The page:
We have designed an evidence-based public health capacity building approach to preventive mental health best-practices at the system-level that guides a cohort of social service teams from assessment to implementation. We provide strategic and operational consultation, professional development and community partnership development for 30 weeks. We measure wellbeing needs defined from our evidence-based framework, population factors, and risk factors through public health data to discover evidence-informed preventive solutions. We provide training to a trainer who coordinates a task force (including youth, school leaders, key community members, parents, and educators) for planning and scaffolding implementation. We create local public and private partnerships, secure resources and connect technology partners to fill need gaps and build capacity in teams for self-sustaining programs. This provides teams with a preventive implementation plan and a replicable model with a supportive ecosystem within their communities.

As this program is implemented in more school communities, we are building an artificial intelligence software solution that will be predictive of the most effective preventive strategies that match their unique population, risks and wellbeing needs to advance public mental health prevention globally and exponentially scale our impact. Furthermore this data allows researchers, public sector institutions and other innovative groups to benefit from the advances to unify our collective missions toward the reduction of mental and behavioral health risks and reversal of critical outcomes. System-wide prevention creates a supportive environment, reduces risk of mental health problems, reduce counseling referrals and behavioral incidents, is more cost effective, and creates a calmer more supportive culture and climate. When we architect proactively to improve wellbeing, people feel better equipped to manage uncertainty and change through capacity building, empowerment and connection, improving achievement and retention.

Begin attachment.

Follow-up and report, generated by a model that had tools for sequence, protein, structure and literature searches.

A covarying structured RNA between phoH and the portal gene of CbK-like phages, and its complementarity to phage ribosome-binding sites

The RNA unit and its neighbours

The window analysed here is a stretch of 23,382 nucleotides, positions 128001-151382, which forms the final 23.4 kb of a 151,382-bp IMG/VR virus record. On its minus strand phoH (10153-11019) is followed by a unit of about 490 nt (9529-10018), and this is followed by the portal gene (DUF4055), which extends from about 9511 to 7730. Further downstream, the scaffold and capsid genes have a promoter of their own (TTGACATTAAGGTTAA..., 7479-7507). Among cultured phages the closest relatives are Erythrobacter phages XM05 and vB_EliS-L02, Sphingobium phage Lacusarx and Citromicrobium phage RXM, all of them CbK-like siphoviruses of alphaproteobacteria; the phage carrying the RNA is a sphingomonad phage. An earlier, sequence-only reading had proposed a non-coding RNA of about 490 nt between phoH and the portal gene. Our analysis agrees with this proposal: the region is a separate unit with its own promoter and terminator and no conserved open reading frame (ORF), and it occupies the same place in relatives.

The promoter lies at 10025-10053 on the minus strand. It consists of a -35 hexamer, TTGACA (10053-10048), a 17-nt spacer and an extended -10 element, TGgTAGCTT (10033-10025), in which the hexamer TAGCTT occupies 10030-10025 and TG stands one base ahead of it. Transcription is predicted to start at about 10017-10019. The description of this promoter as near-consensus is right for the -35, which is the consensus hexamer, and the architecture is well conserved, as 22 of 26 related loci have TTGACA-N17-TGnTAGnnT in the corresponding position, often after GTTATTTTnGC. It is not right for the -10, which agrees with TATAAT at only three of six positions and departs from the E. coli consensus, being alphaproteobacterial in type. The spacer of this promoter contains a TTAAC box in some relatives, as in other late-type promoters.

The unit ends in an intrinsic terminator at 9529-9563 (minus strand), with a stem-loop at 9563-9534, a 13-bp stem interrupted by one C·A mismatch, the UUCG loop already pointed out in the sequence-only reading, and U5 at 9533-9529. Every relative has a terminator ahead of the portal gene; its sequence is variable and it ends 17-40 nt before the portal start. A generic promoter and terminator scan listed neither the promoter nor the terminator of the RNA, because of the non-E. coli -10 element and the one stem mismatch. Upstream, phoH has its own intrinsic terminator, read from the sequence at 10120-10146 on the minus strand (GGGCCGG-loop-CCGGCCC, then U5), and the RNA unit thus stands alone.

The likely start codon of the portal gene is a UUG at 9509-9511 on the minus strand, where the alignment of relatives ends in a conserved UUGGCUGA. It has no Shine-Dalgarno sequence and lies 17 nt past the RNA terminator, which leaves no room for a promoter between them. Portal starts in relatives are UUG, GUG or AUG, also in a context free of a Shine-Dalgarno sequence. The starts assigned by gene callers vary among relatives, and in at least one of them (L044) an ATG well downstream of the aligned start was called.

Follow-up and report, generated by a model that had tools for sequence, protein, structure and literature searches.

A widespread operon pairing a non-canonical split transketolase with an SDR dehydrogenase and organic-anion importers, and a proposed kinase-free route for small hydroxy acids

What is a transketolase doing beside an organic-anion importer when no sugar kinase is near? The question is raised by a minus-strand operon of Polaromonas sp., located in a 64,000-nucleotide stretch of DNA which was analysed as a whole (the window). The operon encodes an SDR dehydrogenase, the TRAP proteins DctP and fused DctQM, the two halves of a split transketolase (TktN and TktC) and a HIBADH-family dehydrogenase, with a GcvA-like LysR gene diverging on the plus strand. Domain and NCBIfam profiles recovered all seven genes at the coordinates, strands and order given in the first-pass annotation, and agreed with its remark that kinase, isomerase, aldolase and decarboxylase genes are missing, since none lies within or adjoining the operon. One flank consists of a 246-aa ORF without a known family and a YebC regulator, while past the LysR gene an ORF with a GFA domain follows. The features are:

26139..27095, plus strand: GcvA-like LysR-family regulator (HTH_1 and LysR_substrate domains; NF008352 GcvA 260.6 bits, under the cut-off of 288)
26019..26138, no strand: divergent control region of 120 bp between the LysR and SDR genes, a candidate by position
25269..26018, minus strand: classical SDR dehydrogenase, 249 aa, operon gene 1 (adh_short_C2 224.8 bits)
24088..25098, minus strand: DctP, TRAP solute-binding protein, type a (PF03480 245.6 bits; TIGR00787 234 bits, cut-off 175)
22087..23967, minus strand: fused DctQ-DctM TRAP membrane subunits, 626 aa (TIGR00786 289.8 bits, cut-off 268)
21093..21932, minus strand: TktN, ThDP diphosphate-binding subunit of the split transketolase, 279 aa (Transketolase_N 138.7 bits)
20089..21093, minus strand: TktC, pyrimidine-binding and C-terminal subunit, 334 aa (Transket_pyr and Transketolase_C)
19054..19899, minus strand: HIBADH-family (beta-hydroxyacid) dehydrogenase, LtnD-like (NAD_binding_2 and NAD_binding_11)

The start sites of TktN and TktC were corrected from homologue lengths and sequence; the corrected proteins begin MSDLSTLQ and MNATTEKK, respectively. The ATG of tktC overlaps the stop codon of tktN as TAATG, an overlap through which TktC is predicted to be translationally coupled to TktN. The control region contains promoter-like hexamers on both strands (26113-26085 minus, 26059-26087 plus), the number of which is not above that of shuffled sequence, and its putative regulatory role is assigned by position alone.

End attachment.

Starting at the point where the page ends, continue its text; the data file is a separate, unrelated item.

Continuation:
Innovation Description

What Makes Your Project Innovative?

The Mind the Class Program is Innovative as it:

  • Proactively addresses the core mental health needs of youth that are known to reduce risk factors for developing disease and disorders, rather than slower, costly, reactive solutions.
  • Systemically builds capacity in school communities for sustainable preventive solutions to a global problem allowing for a wider impact more quickly, rather than addressing each individual situationally.
  • Integrates cross-disciplinary approaches and resources to increase awareness, access, equity and address the complexity of wellbeing and shared burden of responsibility, rather than siloed innovation and implementation.

What is the current status of your innovation?

Mind the Class with University support and our local public sector partners are rounding out our first Pilot with 12 schools to reduce risks and have tested the framework in the clinical setting, established partnerships for data sharing and solution partnerships. We are entering into Phase 2 in which we will be working with 36 schools and 3-6 communities within those service areas. We are currently seeking funding to develop our software solution that will advance our data-driven solutions through artificial intelligence software.

Innovation Development

Collaborations & Partnerships